The complex landscape of French regulatory affairs

UK MedTech Regulation

Despite an increased push toward more harmonized submission processes in the European Union, some in-country regulatory differences remain. France, in particular, has highly specific requirements that mean companies need on-the-ground regulatory affairs expertise.

First, there is the “Exploitant” status, which refers to the company responsible for placing the product on the French market[i]. Similar to the local representative, the Exploitant plays a more involved and very specific role in marketing a product in France. In most cases, the Exploitant is also the Marketing Authorization Holder (MAH) or its French subsidiary, but it also can be a totally different company from the MAH.

The Exploitant has some specific national tasks they must undertake, all along the lifecycle of the medicine product – in other words, from before its marketing in France to the repeal of its marketing authorization (MA).


Marketing authorization and lifecycle management

Once a product is registered in Europe through the decentralised or mutual recognition procedures, companies must then undergo the national phase for each country[ii]. In France, this can fall to the Exploitant to handle product information translation and submission to ANSM, the French health authority.

While not highly complex, experience shows that the submission process is laborious and time-consuming. In the case of an initial MA, companies must submit translations using a specific template form on the ANSM website, the “Feuille de style”, which fits the current QRD template, with some national requirements[iii] .

Once complete and assessed by ANSM, the company receives notification from ANSM with a PDF document and a locked Word document to be used for further submissions (variations, renewals) and further request for national phases. If there are any errors on the document, changes must be requested in future submissions.

For products registered through the centralised procedure, the national phase is performed simultaneously for all EU countries, after the CHMP opinion[iv]. However, the blue-box is a purely national step. Indeed, if the wording is strictly identical for SmPC, labels and PIL across the whole EU, each member state can allow the MAH to add some specific and national requirements inside a blue-box that can be found on the outer packaging[v], [vi]. The MAH has to liaise with ANSM in order to add this specific French information (national registration codes, so-called “CIP codes”, name of the Exploitant, local prescription and delivery conditions etc.)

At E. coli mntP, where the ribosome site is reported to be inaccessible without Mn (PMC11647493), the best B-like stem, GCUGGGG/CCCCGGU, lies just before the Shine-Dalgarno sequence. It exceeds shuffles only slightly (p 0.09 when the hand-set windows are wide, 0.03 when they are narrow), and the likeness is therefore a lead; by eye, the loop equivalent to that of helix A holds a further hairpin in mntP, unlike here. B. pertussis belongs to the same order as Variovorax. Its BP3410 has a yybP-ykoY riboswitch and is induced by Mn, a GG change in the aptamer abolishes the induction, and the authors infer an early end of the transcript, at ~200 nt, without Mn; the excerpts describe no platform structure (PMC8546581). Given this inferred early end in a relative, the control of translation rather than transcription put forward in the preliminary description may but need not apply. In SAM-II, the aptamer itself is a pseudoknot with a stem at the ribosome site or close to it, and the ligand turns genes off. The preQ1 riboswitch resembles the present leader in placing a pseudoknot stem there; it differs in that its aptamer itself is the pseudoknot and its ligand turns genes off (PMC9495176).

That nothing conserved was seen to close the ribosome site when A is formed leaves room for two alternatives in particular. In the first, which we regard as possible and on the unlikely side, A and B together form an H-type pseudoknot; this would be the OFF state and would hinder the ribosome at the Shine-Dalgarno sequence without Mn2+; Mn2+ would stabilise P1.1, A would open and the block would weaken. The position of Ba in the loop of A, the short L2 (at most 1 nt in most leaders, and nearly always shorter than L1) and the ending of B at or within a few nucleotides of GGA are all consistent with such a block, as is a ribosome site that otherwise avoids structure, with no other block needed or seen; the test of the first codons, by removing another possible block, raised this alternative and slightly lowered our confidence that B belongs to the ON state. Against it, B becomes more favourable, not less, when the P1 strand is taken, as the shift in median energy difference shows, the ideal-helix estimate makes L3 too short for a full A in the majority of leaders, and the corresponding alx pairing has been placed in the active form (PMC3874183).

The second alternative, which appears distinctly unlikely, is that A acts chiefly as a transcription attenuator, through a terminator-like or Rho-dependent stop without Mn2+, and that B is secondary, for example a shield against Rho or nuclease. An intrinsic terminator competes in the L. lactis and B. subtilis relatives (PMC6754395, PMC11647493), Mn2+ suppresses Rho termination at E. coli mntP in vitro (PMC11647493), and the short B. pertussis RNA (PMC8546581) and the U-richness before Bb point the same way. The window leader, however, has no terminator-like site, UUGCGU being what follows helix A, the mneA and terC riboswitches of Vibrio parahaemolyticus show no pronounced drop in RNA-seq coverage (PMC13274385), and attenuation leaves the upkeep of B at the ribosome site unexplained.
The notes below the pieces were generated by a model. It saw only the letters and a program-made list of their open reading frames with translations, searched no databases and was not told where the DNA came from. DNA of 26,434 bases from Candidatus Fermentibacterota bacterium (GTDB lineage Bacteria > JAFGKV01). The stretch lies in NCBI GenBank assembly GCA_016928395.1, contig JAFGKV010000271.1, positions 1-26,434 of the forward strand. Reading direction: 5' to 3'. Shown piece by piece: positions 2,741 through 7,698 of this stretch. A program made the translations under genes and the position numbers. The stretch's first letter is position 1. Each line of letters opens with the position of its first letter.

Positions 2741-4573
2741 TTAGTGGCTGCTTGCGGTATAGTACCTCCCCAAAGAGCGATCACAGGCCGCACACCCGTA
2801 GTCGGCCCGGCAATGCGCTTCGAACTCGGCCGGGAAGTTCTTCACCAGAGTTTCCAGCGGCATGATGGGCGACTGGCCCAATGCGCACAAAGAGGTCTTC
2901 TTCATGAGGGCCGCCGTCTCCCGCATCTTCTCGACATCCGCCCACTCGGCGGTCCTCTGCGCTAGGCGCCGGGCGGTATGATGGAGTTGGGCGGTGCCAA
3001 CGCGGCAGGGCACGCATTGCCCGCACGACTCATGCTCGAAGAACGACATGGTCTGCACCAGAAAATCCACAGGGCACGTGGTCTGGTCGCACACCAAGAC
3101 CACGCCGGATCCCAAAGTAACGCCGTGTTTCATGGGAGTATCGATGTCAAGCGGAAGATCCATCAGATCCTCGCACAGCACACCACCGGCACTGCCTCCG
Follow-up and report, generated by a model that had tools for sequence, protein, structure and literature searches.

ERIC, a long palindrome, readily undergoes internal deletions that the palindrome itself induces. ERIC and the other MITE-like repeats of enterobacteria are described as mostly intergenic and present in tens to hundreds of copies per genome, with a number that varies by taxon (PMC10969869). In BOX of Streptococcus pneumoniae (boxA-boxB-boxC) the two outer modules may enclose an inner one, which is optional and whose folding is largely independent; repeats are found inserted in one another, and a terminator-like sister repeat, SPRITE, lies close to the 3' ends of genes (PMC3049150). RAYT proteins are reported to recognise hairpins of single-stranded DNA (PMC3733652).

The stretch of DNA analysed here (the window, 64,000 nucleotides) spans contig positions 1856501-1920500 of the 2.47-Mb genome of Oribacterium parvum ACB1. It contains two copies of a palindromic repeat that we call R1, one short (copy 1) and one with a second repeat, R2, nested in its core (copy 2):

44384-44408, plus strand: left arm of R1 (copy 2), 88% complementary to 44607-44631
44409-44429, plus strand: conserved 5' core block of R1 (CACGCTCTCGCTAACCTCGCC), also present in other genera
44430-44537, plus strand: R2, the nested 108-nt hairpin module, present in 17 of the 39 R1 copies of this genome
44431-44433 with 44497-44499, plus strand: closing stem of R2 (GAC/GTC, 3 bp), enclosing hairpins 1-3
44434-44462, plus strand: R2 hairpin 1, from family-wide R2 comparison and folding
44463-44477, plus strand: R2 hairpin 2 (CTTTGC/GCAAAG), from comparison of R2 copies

As the Exploitant status is purely French, Exploitant transfer is also a purely French activity, managed by the MAH. Exploitant transfer is often combined with an MAH transfer, but this is not mandatory. Some activities are managed in all involved countries in the case of EU registration procedures (through a variation) whereas Exploitant transfer remains managed locally in France with ANSM.

Inevitably, there will be ongoing communication with the ANSM and the Exploitant must be ready to address these questions as part of their regulatory affairs responsibilities.

Managing artworks and packaging

Regulatory affairs in France is also responsible for reviewing the artwork and text that is on the inner and outer packaging. These must be implemented in the mock-up and must include,  in addition to the approved product information, French-specific requirements with regards to drug classifications (List I products are non-renewable medicines, except if clearly stated otherwise by the prescriber, while List II products are renewable, except if clearly stated otherwise by the prescriber. The label for List I products should have a red frame, while List II products have a green frame[vii]). The label must also include information in Braille on the external packaging, using the specific French Braille code[viii].

French specific information also has to be included on the packaging for blood-derivative medicines (for traceability purposes)[ix].

Some pictograms can also be mandatory, depending on the active substance contained[x] . Examples include a pregnancy pictogram warning concerning potential risks with the use of a product during pregnancy; a  warning pictogram for use where there might be effects on the patient’s ability to drive and use machines or a  warning pictogram for use of a product while the patient is exposed to sunlight.

Finally, depending on how the medicine is distributed – in other words  to the patient or used in hospital only – some recycling information logos need to be included on the outer packaging.

As is the case across Europe, all information available to the public must be in the local language, in other words, in French.